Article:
- Moon Over Soho
Author: Ben Aaronovitch
- Series: Rivers of London Series
- ISBN: 9780575097629
- Published: October 2011
- Pages: 384
- Format reviewed: Paperback
- Review date: 22/03/2012
- Language: English
- Age Range: N/A
Reviewed by Ed Prior. Moon Over Soho is the second novel in Ben Aaronovitch’s Rivers of London series about Metropolitan Police Constable and trainee wizard Peter Grant and his magical mentor DCI Thomas Nightingale.
Moon Over Soho finds PC Peter Grant still living with the fallout from his first encounter with London’s magical underworld. His best friend, and potential love interest, Lesley has been horribly disfigured due to the events of Rivers of London and Peter must continue his magical education in order to help police the boundary between the supernatural and mundane worlds.
A series of sudden deaths, apparently with natural causes, are connected by a distinctive magical signature – the bodies resonate with the faint sound of jazz music. Simultaneously, and as hinted at toward the end of the last novel, several men have been attacked by what appears to be a woman with a fearsome set of vagina dentata. His investigation brings Peter into contact with jazz (and Patisserie Valerie) aficionado Simone Fitzwilliam, a trio of journeymen jazz musicians and his own father, the legendary might-have-been jazzman Richard “Lord” Grant.
Ben Aaronovitch’s background in writing for TV, including episodes of Casualty and Doctor Who, shows in this fast-paced, well-plotted sequel which seemlessly blends the London we know with fantastical elements that are both original and well-thought out. He creates a world which is familiar enough to be entirely believable, yet strange enough to satisfy the most demanding of fantasy readers. Like its predecessor this novel is firmly grounded in the landscape of London and now the culture and history of jazz add another layer of depth. It is clear Aaronovitch has a great deal of knowledge about London and jazz music and the casual way he intersperses this into the narrative adds a sense of realism and makes the similarly handled history and practice of magic feel entirely believable.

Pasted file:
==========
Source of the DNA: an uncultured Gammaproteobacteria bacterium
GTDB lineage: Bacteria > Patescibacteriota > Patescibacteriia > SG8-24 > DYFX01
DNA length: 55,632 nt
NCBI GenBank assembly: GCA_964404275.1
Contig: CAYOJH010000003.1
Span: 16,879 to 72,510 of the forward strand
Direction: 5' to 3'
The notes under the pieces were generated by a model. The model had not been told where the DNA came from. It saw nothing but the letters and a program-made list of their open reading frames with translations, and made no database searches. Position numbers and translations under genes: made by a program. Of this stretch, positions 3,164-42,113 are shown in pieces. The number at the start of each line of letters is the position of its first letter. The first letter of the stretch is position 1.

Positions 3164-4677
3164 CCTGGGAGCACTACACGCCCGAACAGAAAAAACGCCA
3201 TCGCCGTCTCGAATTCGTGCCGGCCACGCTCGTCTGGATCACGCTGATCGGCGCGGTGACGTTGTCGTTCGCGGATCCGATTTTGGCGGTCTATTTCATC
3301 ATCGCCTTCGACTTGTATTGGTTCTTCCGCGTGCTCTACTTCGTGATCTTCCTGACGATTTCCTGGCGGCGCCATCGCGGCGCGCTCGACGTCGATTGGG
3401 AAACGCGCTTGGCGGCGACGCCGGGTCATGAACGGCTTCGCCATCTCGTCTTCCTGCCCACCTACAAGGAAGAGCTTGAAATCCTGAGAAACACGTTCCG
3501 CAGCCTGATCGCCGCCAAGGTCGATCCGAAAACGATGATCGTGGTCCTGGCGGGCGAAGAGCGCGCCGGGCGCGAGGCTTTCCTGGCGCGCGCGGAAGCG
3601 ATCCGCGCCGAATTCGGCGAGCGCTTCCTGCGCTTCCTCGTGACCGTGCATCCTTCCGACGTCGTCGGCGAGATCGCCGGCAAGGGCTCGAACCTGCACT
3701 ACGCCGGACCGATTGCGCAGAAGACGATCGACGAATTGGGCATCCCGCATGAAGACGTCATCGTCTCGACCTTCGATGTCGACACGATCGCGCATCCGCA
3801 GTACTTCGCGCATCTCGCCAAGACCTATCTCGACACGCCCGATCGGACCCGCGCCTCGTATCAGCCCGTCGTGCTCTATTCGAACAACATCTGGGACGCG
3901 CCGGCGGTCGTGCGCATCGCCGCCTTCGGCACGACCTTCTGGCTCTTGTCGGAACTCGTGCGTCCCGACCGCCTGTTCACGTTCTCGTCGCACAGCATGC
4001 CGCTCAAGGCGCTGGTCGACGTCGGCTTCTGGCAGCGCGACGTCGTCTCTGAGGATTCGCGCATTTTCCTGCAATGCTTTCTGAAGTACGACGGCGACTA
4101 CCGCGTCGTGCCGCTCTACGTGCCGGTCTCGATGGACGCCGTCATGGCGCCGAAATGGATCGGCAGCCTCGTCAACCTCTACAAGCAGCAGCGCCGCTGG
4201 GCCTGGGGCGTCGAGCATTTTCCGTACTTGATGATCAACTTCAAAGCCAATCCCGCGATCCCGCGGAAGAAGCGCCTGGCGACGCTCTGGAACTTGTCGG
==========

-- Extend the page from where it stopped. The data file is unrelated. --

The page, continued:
Moon Over Soho introduces a number of distinctive new characters, while bringing back many of the best from Rivers of London. This ability to populate his world with engaging, believable characters is a great strength of Aaronovitch’s writing. Peter Grant narrates with a voice that feels absolutely grounded in modern London and adds a wry sense of humour to proceedings. His interactions with his mentor, DCI Nightingale, are always a highlight and manage to subvert the usual cliché of the magician and his apprentice. Similarly, Grant’s interactions with old partner Lesley and new love interest Simone demonstrate different sides to his character. Although perhaps a little too in thrall to his genitalia, Peter is always fundamentally likeable. We also get to explore his relationship with his parents in a way that forms an organic part of the plot and provides valuable context to Grant’s life and motivations.
Where Moon Over Soho perhaps falls down slightly is in being very much part of a series. The plot and relationships between characters rely so much on the previous novel there would be no point reading this as a standalone. Likewise elements such as the introduction of mysterious black magician the Faceless One are left clearly unresolved, which might frustrate some readers. That said, anyone looking for an absorbing and enthralling series that will leave them begging for more need look no further. In particular, Moon Over Soho ends on a brilliant cliff-hanger which left me literally open-mouthed with excitement for the next instalment.
Moon Over Soho is a gripping continuation of Rivers of London’s well executed blend of police-procedural and fantasy with a good splash of horror thrown in. This is urban fantasy done with a loving attention to detail and enlivened by an ever present wit making this series a must-read for anyone who likes their fantasy with a strong edge of realism.
Written on 22nd March 2012 by Ed.